Acer’s range of Nitro gaming laptops had always offered really good value for money, but none of its configurations were particularly high-end. But that changes with the new Acer Nitro 5: not only does it offer a beefy RTX 3080 GPU, it still retains its excellent value proposition.
If you’re looking for the most affordable RTX 3080 gaming laptop in the market now, look no further than the Nitro 5. However, there is an important caveat to this, which we’ll get into in this review.
What It Is
|Display||15.6-inch QHD IPS (2560 x 1440), 165Hz|
|Processor||AMD Ryzen 9 5900HX (8C/16T, 3.2GHz with boost up to 4.4GHz)|
|GPU||Nvidia GeForce RTX 3080 8GB GDDR6 (85W TGP)|
|Storage||1TB PCIe NVMe SSD|
|Dimensions||363.4 x 255 x 23.9 mm|
|Audio||Bottom-firing stereo speakers|
|Ports||2x USB-A 3.2 Gen 1|
1x USB-A 3.2 Gen 2
1x USB-C Gen 2
1x HDMI 2.1
That’s right, this RTX 3080 gaming laptop with a fast Ryzen 9 5900HX processor and an equally fast 165Hz QHD screen costs only RM8,999, but as I’ve mentioned, there is a caveat here. Even though the RTX 3080 GPU sounds impressive on paper, it’s only rated at 85W TGP.
Basically, an RTX 3070 GPU with a higher TGP will be able to outperform this RTX 3080 GPU because of the TGP difference – crazy, isn’t it? We’ll get to this in more detail in the next section.
The Good Stuff
Obviously, we have to talk about the gaming performance of the Nitro 5 first, which is, as expected, really good. Judge for yourself with these benchmarks below – all of the games were running at the laptop’s native 2560 x 1440 QHD resolution.
|Games (max settings @ 2560 x 1440)||Average FPS|
|Borderlands 3 (DX11)||53.40|
|Witcher 3 (HairWorks disabled)||75.805|
Now, there’s no denying that these are good numbers, but…other gaming laptops with an RTX 3080 GPU can output higher numbers. Because it only has a 85W TGP, the Nitro 5’s RTX 3080 can’t quite deliver the same level of performance. Even the RTX 3070 GPU in the Lenovo Legion 5 Pro – with a much higher 140W TGP – can deliver higher frame rates.
That’s not to say the Nitro 5 is not a powerful gaming laptop, because it still is. In fact, powered by a Ryzen 9 5900HX processor, it offers more than enough processing power for most users. I put it through its paces in Cinebench R20, so see how it compares to other gaming laptops in the table below.
|Processor||Single-core test||Multi-core test|
|AMD Ryzen 9 5900HX (Acer Nitro 5)||561||5042|
|AMD Ryzen 7 5800H (Lenovo Legion 5 Pro)||554||5116|
|AMD Ryzen 9 5900HX (Asus ROG Zephyrus Duo 15 SE)||566||5461|
|AMD Ryzen 9 5900HS (Asus ROG Flow X13)||572||4922|
|AMD Ryzen 9 4900HS (Asus ROG Zephyrus G14)||481||4173|
|AMD Ryzen 7 4800H (Asus TUF Gaming A15)||481||4106|
|Intel Core i7-11370H (Asus TUF Dash F15)||581||2749|
|Intel Core i7-10875H (Acer Predator Triton 500)||483||3773|
Complementing the high performance of the Nitro 5 is its 15.6-inch 2560 x 1440 IPS screen with a fast 165Hz refresh rate. The high refresh rate lend to excellent motion clarity in fast-paced games, and even just browsing the web with the fast panel is a pleasant experience.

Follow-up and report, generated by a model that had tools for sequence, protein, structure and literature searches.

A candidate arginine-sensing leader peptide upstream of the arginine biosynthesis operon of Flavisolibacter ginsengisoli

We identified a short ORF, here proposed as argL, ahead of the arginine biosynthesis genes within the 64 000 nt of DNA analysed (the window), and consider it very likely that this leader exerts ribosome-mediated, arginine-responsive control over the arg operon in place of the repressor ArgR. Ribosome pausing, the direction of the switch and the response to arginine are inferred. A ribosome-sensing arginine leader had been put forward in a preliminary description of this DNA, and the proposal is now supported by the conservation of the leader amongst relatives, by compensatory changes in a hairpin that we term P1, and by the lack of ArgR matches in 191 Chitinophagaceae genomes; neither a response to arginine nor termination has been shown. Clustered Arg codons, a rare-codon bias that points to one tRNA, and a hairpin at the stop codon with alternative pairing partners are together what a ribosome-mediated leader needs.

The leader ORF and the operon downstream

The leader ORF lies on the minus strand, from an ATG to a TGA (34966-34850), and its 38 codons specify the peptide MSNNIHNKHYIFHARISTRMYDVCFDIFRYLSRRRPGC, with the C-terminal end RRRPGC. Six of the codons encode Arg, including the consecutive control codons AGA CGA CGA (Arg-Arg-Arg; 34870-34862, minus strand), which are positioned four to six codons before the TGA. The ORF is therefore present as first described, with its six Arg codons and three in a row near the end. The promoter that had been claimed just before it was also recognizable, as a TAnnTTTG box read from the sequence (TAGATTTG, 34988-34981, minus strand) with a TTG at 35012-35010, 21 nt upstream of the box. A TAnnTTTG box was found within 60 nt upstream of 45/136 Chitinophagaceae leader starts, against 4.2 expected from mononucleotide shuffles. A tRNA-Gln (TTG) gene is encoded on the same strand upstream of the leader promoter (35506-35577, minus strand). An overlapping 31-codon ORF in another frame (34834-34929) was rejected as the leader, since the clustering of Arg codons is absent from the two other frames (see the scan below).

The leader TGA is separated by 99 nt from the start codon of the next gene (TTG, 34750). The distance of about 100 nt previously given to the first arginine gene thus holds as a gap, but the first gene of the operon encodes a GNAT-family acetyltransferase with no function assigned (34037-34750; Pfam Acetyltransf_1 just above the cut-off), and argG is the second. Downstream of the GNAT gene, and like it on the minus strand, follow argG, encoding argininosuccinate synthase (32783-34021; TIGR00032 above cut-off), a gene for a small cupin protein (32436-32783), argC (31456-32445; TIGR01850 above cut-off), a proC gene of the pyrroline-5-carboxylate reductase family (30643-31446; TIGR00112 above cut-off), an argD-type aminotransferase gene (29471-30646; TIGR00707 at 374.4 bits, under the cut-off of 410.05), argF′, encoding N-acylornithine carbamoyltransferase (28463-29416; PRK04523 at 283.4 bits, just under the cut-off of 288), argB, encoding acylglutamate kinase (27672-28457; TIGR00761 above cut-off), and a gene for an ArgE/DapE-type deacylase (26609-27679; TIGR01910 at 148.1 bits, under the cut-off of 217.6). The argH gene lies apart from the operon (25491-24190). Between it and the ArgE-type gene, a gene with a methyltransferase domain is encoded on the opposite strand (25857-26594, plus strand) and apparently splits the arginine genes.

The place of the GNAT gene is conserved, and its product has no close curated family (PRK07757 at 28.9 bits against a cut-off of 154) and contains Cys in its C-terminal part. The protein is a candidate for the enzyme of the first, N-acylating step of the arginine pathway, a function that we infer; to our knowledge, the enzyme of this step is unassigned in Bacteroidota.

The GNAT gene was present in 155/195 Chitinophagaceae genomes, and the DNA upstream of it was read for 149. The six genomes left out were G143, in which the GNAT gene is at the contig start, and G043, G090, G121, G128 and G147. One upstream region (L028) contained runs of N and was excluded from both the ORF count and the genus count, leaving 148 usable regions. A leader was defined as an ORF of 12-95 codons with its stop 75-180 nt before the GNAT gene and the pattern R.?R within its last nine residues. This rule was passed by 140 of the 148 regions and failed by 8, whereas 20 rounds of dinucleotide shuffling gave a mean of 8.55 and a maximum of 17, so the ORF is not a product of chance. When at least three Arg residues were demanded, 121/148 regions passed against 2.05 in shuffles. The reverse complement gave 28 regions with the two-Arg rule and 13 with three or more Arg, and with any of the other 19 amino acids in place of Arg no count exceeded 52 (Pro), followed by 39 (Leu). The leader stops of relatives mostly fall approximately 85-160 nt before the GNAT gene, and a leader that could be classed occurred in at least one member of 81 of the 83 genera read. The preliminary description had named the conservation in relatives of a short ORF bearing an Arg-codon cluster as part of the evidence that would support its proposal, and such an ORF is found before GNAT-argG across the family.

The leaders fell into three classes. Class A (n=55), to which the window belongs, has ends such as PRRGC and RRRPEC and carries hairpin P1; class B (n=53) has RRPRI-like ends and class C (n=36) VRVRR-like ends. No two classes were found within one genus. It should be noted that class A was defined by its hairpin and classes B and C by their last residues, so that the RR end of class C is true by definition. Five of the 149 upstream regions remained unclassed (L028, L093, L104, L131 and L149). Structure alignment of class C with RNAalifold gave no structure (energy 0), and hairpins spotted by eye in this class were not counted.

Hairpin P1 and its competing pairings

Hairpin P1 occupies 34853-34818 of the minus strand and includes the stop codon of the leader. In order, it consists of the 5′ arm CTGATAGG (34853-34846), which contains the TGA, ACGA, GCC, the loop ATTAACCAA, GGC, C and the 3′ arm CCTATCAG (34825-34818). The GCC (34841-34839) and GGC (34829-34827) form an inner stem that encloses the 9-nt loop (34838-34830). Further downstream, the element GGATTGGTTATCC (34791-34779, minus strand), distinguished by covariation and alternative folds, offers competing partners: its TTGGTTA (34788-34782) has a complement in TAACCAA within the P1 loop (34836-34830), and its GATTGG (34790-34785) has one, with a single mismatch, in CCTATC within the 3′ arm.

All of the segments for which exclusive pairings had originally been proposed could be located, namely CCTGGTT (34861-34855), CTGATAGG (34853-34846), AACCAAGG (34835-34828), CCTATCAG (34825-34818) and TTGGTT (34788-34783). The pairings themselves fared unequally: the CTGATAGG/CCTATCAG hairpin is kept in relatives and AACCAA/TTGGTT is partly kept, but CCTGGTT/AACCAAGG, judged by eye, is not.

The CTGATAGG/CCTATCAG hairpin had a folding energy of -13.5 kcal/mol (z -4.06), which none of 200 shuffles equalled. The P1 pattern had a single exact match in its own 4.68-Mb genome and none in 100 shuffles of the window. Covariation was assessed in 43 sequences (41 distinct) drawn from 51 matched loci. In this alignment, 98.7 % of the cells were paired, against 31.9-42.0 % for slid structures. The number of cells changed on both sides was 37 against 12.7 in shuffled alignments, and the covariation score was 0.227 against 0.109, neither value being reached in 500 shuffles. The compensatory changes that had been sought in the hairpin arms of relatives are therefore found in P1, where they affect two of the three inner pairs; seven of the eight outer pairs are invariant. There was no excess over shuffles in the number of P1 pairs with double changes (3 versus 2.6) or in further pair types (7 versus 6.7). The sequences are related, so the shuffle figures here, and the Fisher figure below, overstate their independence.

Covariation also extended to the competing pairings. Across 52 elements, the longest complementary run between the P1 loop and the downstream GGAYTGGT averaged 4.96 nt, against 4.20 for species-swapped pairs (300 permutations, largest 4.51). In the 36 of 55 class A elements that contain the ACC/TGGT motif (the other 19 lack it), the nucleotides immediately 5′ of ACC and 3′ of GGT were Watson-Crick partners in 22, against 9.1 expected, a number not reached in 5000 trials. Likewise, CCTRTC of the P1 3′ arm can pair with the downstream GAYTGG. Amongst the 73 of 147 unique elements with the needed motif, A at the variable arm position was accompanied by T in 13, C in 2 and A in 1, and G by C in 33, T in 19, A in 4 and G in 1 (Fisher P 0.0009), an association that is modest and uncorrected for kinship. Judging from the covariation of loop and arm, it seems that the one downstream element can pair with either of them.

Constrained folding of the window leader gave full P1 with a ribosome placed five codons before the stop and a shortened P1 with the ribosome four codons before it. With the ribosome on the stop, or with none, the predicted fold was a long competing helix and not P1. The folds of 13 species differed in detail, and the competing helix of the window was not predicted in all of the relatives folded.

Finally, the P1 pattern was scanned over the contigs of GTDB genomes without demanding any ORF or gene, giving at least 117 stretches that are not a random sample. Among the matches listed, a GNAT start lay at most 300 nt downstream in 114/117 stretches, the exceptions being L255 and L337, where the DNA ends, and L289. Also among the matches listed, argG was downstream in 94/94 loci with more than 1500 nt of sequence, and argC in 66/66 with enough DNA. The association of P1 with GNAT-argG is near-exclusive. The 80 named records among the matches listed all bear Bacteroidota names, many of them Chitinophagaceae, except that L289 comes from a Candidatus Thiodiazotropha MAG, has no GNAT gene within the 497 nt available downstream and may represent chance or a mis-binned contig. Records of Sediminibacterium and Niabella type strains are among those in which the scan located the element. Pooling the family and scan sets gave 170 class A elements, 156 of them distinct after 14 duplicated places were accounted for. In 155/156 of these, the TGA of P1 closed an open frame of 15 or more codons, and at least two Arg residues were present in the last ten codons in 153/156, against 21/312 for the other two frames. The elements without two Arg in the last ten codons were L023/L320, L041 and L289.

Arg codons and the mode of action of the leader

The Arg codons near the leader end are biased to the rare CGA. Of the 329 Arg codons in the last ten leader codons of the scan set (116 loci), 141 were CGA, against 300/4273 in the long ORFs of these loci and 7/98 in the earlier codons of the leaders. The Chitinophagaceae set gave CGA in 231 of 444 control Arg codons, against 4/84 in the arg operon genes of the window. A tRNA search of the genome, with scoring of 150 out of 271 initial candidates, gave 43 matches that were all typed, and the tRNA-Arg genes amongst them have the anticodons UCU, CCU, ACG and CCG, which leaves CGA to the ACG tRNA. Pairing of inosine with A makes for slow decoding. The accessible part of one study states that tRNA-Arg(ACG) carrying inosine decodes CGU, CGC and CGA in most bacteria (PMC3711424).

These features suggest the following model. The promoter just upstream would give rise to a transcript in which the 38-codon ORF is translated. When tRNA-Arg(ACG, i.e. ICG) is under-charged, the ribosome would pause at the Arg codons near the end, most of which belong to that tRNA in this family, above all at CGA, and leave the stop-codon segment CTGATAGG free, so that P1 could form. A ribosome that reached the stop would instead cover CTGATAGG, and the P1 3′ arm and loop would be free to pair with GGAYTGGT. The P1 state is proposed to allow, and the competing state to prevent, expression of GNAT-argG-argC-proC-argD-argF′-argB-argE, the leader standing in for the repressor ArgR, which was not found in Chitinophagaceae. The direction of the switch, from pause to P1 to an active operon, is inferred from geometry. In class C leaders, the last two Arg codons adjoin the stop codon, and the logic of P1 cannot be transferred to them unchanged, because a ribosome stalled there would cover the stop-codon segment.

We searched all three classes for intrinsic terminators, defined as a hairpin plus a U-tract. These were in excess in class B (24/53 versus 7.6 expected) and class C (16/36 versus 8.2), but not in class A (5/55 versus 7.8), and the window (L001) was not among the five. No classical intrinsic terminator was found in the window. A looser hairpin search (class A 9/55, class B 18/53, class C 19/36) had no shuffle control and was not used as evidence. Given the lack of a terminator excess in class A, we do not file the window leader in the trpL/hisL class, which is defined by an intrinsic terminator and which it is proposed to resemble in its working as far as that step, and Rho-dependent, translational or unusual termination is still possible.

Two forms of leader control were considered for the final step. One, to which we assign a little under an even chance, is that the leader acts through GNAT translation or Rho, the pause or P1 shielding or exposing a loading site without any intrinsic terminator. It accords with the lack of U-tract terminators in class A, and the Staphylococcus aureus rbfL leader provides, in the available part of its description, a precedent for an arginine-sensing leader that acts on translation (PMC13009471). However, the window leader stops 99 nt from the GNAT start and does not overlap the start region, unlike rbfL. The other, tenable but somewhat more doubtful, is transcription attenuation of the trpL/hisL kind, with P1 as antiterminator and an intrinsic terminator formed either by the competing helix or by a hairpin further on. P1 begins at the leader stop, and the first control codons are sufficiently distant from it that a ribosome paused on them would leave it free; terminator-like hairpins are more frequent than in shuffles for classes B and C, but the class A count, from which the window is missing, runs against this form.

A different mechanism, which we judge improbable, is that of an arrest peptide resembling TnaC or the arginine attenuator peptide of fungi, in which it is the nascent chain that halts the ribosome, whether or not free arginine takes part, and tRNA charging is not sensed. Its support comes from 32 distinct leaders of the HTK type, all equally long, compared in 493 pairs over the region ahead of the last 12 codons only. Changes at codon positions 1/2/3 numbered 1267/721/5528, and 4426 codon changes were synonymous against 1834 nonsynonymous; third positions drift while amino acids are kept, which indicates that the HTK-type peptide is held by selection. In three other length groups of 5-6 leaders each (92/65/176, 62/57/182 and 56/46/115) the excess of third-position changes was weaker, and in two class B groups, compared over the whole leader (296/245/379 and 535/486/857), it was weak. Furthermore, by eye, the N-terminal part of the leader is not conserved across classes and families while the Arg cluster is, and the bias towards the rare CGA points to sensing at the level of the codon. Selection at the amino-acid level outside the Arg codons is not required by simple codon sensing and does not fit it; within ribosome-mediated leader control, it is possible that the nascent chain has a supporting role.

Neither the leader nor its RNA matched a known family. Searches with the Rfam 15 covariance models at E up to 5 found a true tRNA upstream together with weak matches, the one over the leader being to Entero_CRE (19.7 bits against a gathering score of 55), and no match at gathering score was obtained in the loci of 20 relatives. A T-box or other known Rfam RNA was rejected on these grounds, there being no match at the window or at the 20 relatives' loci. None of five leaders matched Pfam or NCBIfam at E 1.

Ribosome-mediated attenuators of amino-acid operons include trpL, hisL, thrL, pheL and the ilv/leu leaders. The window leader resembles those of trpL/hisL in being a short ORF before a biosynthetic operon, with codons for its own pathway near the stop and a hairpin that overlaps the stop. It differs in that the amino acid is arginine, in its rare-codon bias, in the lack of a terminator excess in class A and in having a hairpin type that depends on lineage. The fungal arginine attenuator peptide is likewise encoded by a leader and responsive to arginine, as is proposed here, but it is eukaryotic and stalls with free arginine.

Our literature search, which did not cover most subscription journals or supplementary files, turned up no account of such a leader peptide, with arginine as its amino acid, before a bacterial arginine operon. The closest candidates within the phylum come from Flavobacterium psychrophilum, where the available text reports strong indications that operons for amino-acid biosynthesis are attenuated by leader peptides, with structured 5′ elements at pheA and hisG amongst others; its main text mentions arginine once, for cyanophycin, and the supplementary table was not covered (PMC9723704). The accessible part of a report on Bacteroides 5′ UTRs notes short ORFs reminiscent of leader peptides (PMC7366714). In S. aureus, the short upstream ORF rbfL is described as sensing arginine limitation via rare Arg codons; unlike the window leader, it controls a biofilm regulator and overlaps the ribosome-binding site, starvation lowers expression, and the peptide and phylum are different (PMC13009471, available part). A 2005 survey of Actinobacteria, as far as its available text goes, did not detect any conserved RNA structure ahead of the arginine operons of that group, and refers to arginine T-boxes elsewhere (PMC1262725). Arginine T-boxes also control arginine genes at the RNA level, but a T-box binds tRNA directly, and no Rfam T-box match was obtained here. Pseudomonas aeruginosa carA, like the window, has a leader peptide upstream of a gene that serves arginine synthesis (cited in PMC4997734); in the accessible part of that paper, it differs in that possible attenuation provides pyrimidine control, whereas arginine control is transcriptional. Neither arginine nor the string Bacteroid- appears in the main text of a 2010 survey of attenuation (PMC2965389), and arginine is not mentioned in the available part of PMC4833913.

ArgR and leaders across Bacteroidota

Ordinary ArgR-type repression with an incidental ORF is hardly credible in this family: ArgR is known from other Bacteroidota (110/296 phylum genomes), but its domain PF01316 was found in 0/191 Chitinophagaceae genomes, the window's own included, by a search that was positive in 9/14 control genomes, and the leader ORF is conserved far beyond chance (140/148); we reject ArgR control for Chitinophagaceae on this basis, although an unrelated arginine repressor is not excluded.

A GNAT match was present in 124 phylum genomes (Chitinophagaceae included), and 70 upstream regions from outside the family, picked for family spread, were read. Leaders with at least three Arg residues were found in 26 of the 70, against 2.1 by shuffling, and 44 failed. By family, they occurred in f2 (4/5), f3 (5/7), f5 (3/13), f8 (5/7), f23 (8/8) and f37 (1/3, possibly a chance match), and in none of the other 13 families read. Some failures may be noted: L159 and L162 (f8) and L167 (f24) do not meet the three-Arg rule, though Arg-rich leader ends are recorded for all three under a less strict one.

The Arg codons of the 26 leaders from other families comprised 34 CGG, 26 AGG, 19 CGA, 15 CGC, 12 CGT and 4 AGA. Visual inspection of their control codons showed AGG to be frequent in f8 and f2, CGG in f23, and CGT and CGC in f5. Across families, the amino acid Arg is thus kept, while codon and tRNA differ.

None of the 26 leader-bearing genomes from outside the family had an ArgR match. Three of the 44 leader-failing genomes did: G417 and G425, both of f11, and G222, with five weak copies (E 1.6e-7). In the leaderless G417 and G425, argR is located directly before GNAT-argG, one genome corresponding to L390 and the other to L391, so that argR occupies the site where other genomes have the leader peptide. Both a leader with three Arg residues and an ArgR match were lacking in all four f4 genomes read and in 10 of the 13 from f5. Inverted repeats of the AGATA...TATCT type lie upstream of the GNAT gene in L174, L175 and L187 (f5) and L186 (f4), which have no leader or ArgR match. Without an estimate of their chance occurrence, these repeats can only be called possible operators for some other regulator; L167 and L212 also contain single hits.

As for the panel quality itself, it’s really quite good. While I do wish the IPS screen was a tad brighter, it does offer vibrant colours with wide viewing angles. All in all, I thoroughly enjoyed gaming and watching shows on this display.
System noise of the Nitro 5 is surprisingly good too. Even when the system is pushed to its limits, the fans don’t get obnoxiously loud. It’s rare for a beefy gaming laptop like this to have such minimal system noise.
In terms of thermals, the Nitro 5 continues to impress. Though the CPU does get toasty under load – hitting a peak temperature of 91°C – the GPU only got up to 76°C. The palm rest area also stays relatively cool in long gaming sessions, so I can still game comfortably.
The Bad Stuff
Given that the Nitro 5 is meant to be a budget-friendly gaming laptop, it does have some shortcomings here and there. Its design and build quality, for example, aren’t particularly great. It has large screen bezels, the lid is a fingerprint magnet, and the bottom plastic chassis doesn’t exactly inspire confidence either.
Aside from that, packed with only a 57.5Wh battery, the Nitro 5 doesn’t have particularly great battery life. Outside of gaming, the laptop only lasted me about four to five hours on a single charge. Evidently, the 165Hz QHD display draws quite a bit of power, along with the beefy GPU, of course.
Last but not least are the soft speakers of the Nitro 5. Even at maximum volume, the speakers are just much too soft for any kind of content consumption.
Is It Worth It?
Even though the Acer Nitro 5’s RTX 3080 GPU doesn’t quite offer the level of performance one might expect, it’s still a very fast, very capable gaming laptop with good value for money. Its list of positives easily make up for the laptop’s shortcomings too.
If you’re not interested in this RTX 3080 model, there are also other (more affordable) AMD variants of the Nitro 5, including an RTX 3060 configuration for only RM4,899. It’s great to see that Acer is expanding the Nitro series beyond the mid-range gaming laptop segment, and we expect even more variants of the Nitro 5 to hit the market in the near future.